I was recently privileged to interview Joe Casale, an industry professional who credits himself with having invented over twenty-one products. Before electing to work as an independent industrial designer, Joe spent a number of years working for major corporations, most notably in the toy industry. He’s also won innumerous awards – including the honor of having his product selected by Everyday Edisons in a former season.
I wanted to present to you some of Joe’s advice and experience, not only due to his Everyday Edisons success, but also because he’s an individual who has made it as a professional inventor. He’s rare.
Joe first began by describing what he terms the “blue sky” mentality. When he has a project to work on or a problem to solve, he stretches his creativity and imagination to the maximum. He avoids restrictions on his imagination and simply lets it fly. But he also states, “I keep my feet on the ground.”
Joe recognizes that although he conceives of an idea, he often times needs more than simply creativity and problem solving to bring a product to market. “Everyone has an idea,” he offers, “but the bottom line is that idea will have to be bottled and packaged.” It’s important to know when to seek professional help – you don’t have to, and you shouldn’t, try to accomplish every single aspect yourself. Rely on resources, connections, and expert knowledge.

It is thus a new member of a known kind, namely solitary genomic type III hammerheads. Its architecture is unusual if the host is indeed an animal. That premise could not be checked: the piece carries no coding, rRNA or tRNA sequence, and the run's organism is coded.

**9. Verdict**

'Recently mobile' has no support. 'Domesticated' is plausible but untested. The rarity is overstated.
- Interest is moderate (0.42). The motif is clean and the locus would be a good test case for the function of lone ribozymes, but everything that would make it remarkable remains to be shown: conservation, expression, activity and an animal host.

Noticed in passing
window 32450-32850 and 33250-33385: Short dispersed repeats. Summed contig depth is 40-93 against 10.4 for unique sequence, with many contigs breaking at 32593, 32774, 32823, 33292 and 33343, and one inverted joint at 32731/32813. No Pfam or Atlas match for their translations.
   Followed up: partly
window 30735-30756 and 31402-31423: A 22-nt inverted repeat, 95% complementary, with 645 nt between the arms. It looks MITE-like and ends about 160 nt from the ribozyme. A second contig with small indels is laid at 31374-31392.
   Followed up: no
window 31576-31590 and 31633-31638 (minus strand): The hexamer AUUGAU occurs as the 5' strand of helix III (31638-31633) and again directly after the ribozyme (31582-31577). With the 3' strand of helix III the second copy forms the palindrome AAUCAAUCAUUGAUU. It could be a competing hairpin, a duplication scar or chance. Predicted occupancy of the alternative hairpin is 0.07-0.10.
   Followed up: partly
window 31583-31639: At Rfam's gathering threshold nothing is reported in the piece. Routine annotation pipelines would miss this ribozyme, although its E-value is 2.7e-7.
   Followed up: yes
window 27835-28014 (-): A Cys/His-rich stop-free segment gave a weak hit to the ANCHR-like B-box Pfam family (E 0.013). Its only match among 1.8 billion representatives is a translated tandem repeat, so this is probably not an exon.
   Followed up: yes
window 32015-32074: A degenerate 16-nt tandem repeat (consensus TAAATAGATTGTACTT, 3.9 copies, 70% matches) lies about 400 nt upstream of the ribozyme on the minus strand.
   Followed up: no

The product selected by Everyday Edisons Joe designed is named the “Koku board”, an all-purpose cutting board. His idea was chosen among thirteen others from five to six thousand that auditioned. What was Joe’s secret?
Joe credits his success with “really understanding what the customer wanted.” He says that many other potential contestants made a crucial mistake. “ They don’t read what the customers want, or really try to understand what the problem is, what they’re looking for. I read and re-read the desires of a customer, or in this case, Everyday Edisons. I’m not going to give them something they don’t want.”
Joe presented to Everyday Edisons with a sketch only – a highly detailed sketch, albeit. He argues that you don’t necessarily need a prototype, but that above all, your presentation technique should be based on the very best way you can convey your idea. He has licensed to a variety of companies based on only sketches, but some ideas that seemed a little more unbelievable he actually created a working prototype for.
Listen to the audio provided for the full interview with Joe. Click Here.
You can catch Joe’s winning product, the Koku board, on QVC this Sunday, from 11:00 am to 1:00 pm. It is also available on the website kokuboard.com and sold in Bed Bath and Beyond.